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September 23, 2008

Someone's Shouting, My Lord

You know what’s not gonna fix America? Hanging around and singing kumbaya. For God’s sake, just look at us: indebted; overextended; weary. All of this because our elected “leaders,” for the incompetent life of them, can’t stop hymning a centuries-old African-American spiritual.

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Get your own at rightwingstuff.com.

Until very recently, I had no idea of the devastation left in kumbaya’s tinny, hilariously campy wake. And then—by fate, My Lord?—I happened across the online message boards for a hodepodge of regional newspapers. Alas, the influence of the campfire favorite was far, far, far deeper than I could have ever imagined. Consider:

In an editorial today, the Baltimore Sun examined Sarah Palin’s dubious record on special-needs assistance, only to have this surface from an outraged policy wonk:

“Oh thats right, I forgot. Lets cut the military in half, not worry about any interest abroad, bring home all our troops, admit defeat in the face of a success hold hands and sing kumbiya. And lets be sure as well as solving all our home problems we give the U.N. 50 billion. After all the U.N has done so much for us. And when we get hit again at home the liberals can say again we had it coming to us.”

Dumbfounded, I tripped, only to wake up staring at this Nevada man's letter to the editor of the Las Vegas Review-Journal :

“In just the past couple of weeks, some casino executives have gone on record to support higher room taxes and higher payroll taxes, and some attended Senate Majority Leader Harry Reid’s National Clean Energy Summit. So let me get this straight—in an economy where gaming volume is down and casino construction projects are closing, they want to increase the size of our already wasteful and inefficient government and then hold hands and sing 'Kumbaya' with Harry Reid?”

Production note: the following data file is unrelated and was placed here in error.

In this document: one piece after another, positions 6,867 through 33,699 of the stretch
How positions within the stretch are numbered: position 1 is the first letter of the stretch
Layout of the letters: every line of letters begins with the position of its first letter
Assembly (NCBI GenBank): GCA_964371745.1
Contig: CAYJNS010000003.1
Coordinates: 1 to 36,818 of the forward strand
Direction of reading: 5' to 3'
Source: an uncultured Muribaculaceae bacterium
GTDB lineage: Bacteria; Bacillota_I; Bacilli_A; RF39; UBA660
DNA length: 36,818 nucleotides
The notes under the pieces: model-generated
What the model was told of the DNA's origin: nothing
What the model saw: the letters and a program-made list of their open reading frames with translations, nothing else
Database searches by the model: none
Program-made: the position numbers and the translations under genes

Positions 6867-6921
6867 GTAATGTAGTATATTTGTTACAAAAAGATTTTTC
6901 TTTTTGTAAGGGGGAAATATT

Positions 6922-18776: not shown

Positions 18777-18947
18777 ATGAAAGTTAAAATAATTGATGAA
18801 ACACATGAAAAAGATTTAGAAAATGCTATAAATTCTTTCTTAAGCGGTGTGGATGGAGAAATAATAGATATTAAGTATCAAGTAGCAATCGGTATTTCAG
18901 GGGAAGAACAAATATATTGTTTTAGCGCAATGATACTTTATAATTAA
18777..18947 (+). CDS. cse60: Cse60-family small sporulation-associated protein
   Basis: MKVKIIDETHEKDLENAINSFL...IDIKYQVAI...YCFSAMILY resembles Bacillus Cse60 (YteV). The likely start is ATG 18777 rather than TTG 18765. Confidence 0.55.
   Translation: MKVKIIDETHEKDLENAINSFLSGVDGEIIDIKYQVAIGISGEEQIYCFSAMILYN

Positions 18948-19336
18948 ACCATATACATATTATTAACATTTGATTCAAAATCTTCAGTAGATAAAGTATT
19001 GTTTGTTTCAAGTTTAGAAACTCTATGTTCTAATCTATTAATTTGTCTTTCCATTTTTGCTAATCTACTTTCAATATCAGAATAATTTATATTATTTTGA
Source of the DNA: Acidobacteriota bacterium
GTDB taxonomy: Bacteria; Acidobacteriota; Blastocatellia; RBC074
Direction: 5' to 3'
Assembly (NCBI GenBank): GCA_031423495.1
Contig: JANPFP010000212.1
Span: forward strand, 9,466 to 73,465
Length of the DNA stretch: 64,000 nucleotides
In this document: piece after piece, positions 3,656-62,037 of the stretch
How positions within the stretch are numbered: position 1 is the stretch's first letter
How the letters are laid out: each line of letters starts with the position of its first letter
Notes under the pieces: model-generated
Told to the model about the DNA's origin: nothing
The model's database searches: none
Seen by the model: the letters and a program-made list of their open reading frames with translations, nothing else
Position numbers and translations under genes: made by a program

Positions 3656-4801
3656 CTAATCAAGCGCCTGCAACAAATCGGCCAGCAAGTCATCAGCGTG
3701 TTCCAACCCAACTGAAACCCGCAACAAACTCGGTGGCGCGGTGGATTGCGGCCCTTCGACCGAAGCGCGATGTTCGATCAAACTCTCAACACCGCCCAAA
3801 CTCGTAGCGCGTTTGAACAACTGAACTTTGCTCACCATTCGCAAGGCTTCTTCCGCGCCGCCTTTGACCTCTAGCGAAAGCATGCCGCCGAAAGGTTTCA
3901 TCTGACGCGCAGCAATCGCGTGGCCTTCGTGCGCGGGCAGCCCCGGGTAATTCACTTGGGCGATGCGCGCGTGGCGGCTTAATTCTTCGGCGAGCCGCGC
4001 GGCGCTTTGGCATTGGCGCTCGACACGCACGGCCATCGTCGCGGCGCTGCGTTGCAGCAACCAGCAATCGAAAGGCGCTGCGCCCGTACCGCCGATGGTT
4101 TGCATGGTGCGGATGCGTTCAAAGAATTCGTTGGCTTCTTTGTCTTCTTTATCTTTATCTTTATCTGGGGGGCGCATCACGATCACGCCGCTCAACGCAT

Poster “libsrcorrupt,” writing on The Oregonian's message board, also identifies the threat:

“Now that is just silly especially coming from a person who’s ideology justifies the slaughtering their unborn babies by calling it choice. I simply point out the hypocrysy of the liberal mindset. If you call it negative, so be it. Sorry to get on your nerves. Maybe we should all gather around for a big group hug and sing kumbaya…"

Kumbaya-singing, like gravity, doesn't exist in a vacuum. As with any malignancy, it has to start somewhere. The Dallas Morning News identified the cancer almost two years ago, and its more recent metastasization seems to have started in Unity, New Hampshire. Those guys probably got the idea from the original community organizer, Joan Baez.







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